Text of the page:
The title of this episode is – A Needless Tragedy.
We backtrack now a bit. We’re going back to that period of European history following the Reformation called the Wars of Religion. We do so to take a look at a single day; Aug 24, 1572 in Paris, and the infamous event that happened then and there = the St. Bartholomew’s Day Massacre.
We do this because while it’s a lot more detailed look at something than we usually get into, it illustrates the impact the Reformation had on Europe and, I think, the Modern World.
John Calvin was French but his reforming work was centered in Geneva, Switzerland. It didn’t take long for his influence to spread back to his native homeland so that by 1555, Calvinism had firm roots there. French Calvinists were called Huguenots – a word of unknown origin but was meant as a mockery of Protestants. Calvinism spread rapidly and soon there were a couple thousand French Reformed churches with close to half the French switching from Catholic churches to Huguenot fellowships.
What made things difficult for the French Monarchy, which remained firmly Catholic, was that many of the nobility were Huguenots. Bear in mind that at that time, religious affiliation and political alignment were regarded by most Europeans as one and the same. A showdown between French Catholics and Protestants seemed inevitable.
Enter the scheming Queen Mother of France, Catherine de Medici; a die-hard Roman Catholic. She arranged for her daughter, Margaret of Valois, to be married on August 18th of 1572 to the Protestant King, Henry of Navarre. The hope in Paris was that this marriage would bring peace between warring Catholics and Protestants. Nobles who’d fought each other the previous decade turned out for the celebration. Thousands of Protestants came to Paris for the wedding, and the festivities lasted for days.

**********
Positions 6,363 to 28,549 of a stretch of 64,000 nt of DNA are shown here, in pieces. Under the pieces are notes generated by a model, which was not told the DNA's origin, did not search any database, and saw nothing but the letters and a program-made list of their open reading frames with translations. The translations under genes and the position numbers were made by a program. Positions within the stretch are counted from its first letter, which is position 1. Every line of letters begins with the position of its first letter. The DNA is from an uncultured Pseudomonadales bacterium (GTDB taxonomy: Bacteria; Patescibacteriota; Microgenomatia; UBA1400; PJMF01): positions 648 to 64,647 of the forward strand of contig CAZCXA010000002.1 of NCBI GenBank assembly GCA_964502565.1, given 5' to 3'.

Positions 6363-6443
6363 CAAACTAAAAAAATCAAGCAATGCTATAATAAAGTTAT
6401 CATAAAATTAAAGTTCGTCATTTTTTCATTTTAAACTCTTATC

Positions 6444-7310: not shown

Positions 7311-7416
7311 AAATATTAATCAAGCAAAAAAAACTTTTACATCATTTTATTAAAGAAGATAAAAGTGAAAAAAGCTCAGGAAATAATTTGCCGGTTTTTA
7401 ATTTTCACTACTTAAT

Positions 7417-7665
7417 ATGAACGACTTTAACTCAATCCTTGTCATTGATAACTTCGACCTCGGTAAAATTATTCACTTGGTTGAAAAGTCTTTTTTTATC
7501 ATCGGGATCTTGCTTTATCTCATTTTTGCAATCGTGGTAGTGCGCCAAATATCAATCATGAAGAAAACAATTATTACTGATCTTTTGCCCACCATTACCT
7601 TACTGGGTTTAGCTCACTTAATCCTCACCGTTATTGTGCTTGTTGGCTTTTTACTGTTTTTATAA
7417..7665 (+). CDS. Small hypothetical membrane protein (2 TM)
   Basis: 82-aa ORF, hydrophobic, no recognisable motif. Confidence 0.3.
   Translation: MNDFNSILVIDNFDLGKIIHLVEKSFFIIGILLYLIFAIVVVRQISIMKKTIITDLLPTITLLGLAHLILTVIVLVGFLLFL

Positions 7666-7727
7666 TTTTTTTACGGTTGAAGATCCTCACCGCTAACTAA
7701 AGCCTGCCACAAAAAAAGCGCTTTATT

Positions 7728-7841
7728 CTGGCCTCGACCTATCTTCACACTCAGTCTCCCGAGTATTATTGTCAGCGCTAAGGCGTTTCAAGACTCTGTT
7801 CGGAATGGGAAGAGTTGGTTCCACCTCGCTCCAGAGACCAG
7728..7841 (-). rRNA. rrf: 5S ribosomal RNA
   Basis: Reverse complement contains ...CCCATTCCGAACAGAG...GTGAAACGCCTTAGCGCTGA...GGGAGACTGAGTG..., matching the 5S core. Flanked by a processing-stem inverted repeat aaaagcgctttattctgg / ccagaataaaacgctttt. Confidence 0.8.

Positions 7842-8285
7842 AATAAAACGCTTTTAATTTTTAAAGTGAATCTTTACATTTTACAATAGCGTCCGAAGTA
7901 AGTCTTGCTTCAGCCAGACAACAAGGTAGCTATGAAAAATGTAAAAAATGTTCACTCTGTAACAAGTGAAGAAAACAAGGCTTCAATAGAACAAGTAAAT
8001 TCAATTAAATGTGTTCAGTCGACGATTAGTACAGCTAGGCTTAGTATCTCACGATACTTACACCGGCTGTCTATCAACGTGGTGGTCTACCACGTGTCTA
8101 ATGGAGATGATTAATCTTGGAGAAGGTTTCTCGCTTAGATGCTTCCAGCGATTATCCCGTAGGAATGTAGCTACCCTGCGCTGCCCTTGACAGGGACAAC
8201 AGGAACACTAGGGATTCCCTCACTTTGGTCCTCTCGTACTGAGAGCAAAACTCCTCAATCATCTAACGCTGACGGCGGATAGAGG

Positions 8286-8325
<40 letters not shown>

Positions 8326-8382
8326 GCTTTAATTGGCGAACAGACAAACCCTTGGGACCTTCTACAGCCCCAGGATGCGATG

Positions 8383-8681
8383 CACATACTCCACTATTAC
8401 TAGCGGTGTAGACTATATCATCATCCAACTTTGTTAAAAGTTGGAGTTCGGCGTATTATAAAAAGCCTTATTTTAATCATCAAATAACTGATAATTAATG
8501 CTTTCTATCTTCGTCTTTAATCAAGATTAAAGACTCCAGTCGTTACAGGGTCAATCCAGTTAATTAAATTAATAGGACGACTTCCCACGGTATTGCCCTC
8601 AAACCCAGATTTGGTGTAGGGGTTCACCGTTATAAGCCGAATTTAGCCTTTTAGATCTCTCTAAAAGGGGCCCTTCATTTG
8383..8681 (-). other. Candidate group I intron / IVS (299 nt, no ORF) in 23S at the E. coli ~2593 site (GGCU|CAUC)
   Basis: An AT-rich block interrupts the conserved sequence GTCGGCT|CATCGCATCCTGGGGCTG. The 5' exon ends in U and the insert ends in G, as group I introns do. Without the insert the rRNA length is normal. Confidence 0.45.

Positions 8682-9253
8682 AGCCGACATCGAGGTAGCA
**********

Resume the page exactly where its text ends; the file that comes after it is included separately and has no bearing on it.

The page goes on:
But while Catherine de Médici planned her daughter’s wedding, she was also plotted the assassination of Admiral Gaspard de Coligny [koh-LEE-nee], one of the main leaders of the Huguenots.
On Aug. 22nd, the assassination attempt failed. The plot, so soon after the royal wedding, threatened to badly embarrass the royal family. Near midnight the following day, Charles IX, the 22 yr-old French king and brother of the bride, in a fit of rage, screamed at his mother, “If you’re going to kill Coligny, why don’t you kill all the Huguenots in France, so there’ll be none left to hate me.”
Catherine wasn’t one to put up with the pique of her petulant son and decided to follow up on his suggestion. She ordered the murder of all Huguenot leaders still in Paris, including those who’d attended the wedding. The massacre began on Aug 24, 1572, St. Bartholomew’s Day. Admiral Coligny was murdered first as he knelt in prayer.
Many of the Huguenot nobles were lodged at the Louvre. They were called into the courtyard and shot one by one as they appeared. During the night, the homes of Paris Huguenots were each marked with white crosses. Before daybreak, messengers were sent throughout the city crying out, “Kill! Kill! The King commands it.” A murdering frenzy fell on the whole city. Entire Huguenot families were taken into the streets and murdered. The dawn of St. Bartholomew’s Day revealed many thousands of martyred Huguenots.